<![CDATA[Ottawa Cloth Diaper Service | Cloth Diaper Service for Gatineau, Kanata, Carleton Place, Nepean and Aylmer - Blog]]>Sat, 12 Nov 2016 07:30:55 -0800Weebly<![CDATA[Wool: Longies, shorties, soakers]]>Tue, 15 Mar 2016 18:10:45 GMThttp://ottawaclothdiaperservice.com/blog/wool-longies-shorties-soakers
Using wool can often intimidate and scare cloth diaper users.  The first thing to remember is it has been around for ages!  My mother has a picture of her & 5 siblings all wearing cloth diapers with wool soakers.  Longies are pictured above - they are worn over a prefold/ or fitted diaper.  I found longies to be the easiest to use, as my daughter would wear them all day long, just like pants.  I would change diaper as needed. Shorties are the same- but shorter...I know easy answer.  Soakers look like granny gitch underwear.  You can wear clothing & sleepers overtop just making sure it isn't compressing the wool and causing leaks. When you first get your wool, you lanolize it. Most of us have lanolin in our house ( often used during breastfeeding to help prevent cracked nipples). You add 2 tablespoons to hot water 1/4 full in your sink, fill rest of sink so that it is lukewarm. ( If water is too hot it will cause wool to felt, ie shrink). Once water in sink is filled, submerge wool and leave it.  2-3 hours later, take wool out and lay between 2 towels and roll out moisture. Lay flat to dry.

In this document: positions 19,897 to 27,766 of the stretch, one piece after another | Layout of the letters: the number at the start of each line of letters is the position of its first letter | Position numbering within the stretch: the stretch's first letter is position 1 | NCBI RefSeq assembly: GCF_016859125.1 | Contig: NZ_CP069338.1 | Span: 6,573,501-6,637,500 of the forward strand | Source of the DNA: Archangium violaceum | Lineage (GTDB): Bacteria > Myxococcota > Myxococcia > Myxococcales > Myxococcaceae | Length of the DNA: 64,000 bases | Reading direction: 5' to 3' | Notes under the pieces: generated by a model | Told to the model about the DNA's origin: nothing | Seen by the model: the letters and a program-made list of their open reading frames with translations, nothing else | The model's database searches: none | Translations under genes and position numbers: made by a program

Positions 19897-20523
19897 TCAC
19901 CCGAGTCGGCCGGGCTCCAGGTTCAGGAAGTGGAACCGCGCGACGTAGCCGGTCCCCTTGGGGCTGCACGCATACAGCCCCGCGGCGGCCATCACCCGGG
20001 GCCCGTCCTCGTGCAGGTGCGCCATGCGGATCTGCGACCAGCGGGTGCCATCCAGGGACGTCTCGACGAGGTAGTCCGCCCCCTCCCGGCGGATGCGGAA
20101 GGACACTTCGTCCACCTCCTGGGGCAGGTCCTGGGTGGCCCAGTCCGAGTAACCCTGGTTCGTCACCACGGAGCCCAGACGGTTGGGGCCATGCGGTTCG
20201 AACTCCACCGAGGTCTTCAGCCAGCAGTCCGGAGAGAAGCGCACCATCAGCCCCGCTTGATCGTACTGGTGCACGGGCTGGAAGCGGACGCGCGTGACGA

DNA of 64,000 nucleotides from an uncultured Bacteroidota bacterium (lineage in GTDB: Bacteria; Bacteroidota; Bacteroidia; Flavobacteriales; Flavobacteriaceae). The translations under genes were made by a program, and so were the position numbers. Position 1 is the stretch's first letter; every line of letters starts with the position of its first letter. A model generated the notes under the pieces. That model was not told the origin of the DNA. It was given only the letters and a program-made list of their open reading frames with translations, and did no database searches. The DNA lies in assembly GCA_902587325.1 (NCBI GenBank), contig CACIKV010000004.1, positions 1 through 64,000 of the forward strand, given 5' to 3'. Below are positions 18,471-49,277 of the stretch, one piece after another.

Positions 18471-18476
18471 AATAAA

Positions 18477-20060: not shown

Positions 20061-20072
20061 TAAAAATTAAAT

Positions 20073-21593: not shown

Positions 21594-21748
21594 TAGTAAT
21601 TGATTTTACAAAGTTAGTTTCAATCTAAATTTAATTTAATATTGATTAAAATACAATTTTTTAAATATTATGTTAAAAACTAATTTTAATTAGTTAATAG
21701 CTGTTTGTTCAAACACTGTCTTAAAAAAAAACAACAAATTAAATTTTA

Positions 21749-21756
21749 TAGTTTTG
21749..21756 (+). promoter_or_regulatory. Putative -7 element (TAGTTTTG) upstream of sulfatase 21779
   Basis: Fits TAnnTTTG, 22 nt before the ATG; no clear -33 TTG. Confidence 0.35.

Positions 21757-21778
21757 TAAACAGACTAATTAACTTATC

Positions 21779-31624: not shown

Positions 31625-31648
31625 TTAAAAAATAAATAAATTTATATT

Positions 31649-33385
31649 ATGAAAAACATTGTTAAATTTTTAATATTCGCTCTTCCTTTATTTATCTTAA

Pictured above is a wool soaker.  Changing diapers is the same as always.  When wet, change.  Wool is amazing as it lets the baby's bottom breathe. There is no plastic. Wool is also an excellent option for those who have sensitive skin, or get rashes. If baby has a soiled diaper, simply change diaper, if there is any waste on the wool you can sponge it off and turn wool inside out to keep using it. To wash wool...mix a teaspoon of dishsoap / or baby shampoo in with the lanolin. Wash wool without wringing it out, lay flat to dry. I also used to use scented wool wash, you can get this at many wool stores.  I would wash my wool with ewe need it, and my whole house would smell like monkey farts ( mixture of banana and nuts).
Wool isn’t new, it’s making its way back!